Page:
'It Motivated Me': 4 Million College Students Are Raising Children Nearly four million college students are raising children — a fifth of all undergraduates. They have better grades than their peers without kids but are less likely to graduate.
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'It Motivated Me': 4 Million College Students Are Raising Children

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'It Motivated Me': 4 Million College Students Are Raising Children

'It Motivated Me': 4 Million College Students Are Raising Children

'It Motivated Me': 4 Million College Students Are Raising Children

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  • <iframe src="https://www.npr.org/player/embed/718735388/718735449" width="100%" height="290" frameborder="0" scrolling="no" title="NPR embedded audio player">
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Nearly four million college students are raising children — a fifth of all undergraduates. They have better grades than their peers without kids but are less likely to graduate.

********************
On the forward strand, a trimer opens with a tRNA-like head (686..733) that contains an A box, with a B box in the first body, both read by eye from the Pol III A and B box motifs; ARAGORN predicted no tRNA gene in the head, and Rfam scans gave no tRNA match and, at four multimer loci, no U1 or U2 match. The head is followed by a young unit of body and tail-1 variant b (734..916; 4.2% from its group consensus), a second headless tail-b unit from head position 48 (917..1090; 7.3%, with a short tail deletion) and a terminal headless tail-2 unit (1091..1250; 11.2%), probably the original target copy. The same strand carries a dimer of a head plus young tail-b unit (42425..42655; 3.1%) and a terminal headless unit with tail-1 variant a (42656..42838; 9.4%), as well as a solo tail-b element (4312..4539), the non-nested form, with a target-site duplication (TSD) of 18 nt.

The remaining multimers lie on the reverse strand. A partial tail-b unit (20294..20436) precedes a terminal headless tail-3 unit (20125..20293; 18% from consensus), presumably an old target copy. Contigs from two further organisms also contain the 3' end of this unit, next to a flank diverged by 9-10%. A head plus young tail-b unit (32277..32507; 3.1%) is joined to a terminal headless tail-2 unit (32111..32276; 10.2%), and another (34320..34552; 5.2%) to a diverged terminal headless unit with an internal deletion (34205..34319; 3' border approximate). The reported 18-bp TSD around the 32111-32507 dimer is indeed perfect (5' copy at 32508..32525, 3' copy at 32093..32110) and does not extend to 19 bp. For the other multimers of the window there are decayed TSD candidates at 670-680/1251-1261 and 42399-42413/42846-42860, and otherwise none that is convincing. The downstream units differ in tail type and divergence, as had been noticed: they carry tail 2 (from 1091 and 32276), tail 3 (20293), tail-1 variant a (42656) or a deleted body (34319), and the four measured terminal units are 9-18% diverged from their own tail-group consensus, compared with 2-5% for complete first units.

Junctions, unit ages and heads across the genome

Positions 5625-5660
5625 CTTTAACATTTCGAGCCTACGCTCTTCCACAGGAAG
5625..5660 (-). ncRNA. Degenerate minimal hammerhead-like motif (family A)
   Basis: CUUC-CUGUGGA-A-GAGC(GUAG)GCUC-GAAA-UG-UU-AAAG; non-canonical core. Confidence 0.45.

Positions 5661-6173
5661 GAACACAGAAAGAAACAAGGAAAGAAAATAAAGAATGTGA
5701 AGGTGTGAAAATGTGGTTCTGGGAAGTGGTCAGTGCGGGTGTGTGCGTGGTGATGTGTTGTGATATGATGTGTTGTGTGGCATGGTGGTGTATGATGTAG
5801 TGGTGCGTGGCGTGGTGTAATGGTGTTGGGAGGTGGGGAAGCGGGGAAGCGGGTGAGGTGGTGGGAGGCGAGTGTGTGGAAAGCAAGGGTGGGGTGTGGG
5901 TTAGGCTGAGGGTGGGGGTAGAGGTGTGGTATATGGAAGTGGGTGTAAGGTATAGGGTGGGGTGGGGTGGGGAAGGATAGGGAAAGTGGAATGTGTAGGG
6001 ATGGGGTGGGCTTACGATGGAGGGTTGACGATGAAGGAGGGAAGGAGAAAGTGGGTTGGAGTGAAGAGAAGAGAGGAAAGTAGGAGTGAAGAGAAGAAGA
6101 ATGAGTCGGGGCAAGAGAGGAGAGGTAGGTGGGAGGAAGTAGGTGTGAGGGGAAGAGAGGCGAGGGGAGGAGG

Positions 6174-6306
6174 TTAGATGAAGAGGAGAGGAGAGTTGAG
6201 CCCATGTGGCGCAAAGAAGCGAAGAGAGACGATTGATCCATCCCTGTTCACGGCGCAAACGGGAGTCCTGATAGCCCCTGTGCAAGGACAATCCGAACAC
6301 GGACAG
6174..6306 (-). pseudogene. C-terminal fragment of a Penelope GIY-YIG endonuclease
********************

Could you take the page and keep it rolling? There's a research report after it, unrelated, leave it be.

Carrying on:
AUDIE CORNISH, HOST:

Nearly 4 million college students are raising children. That's about a fifth of all undergraduates. So that means mixing homework and exams with feedings, naps and diapers. Institutions are rarely set up to support these students. As part of our Changing Face of College series, NPR's Elissa Nadworny brings us the story of one parent juggling it all.

ELISSA NADWORNY, BYLINE: Senior year of high school, Akiya Parks almost didn't open her acceptance letter from the University of Florida. She was just too nervous.

AKIYA PARKS: And then I opened it. And it was like, you got in. I was like, oh, my gosh. I got in, blah, blah, blah.

NADWORNY: No one else in her family had ever gone to college, so this was a big deal. Her mom bragged about it on Facebook. A few weeks later, Akiya received a four-year scholarship that covered everything.

PARKS: OK, I'm set. Like, that was all I was waiting for.

NADWORNY: That summer, she said goodbye to her high school boyfriend in Orlando and drove the two hours with her mom and brother to Gainesville. She bought a new laptop, met her roommate. But after just a few weeks of classes, she started feeling sick.

PARKS: I'm like, what is going on? This college food is not sitting well with me.

NADWORNY: But it wasn't the food. She was pregnant.

PARKS: Well, I went back to my dorm. I was just crying, devastated. I just was like, this is crazy.

NADWORNY: After the disbelief came the disappointment, and then fear and confusion.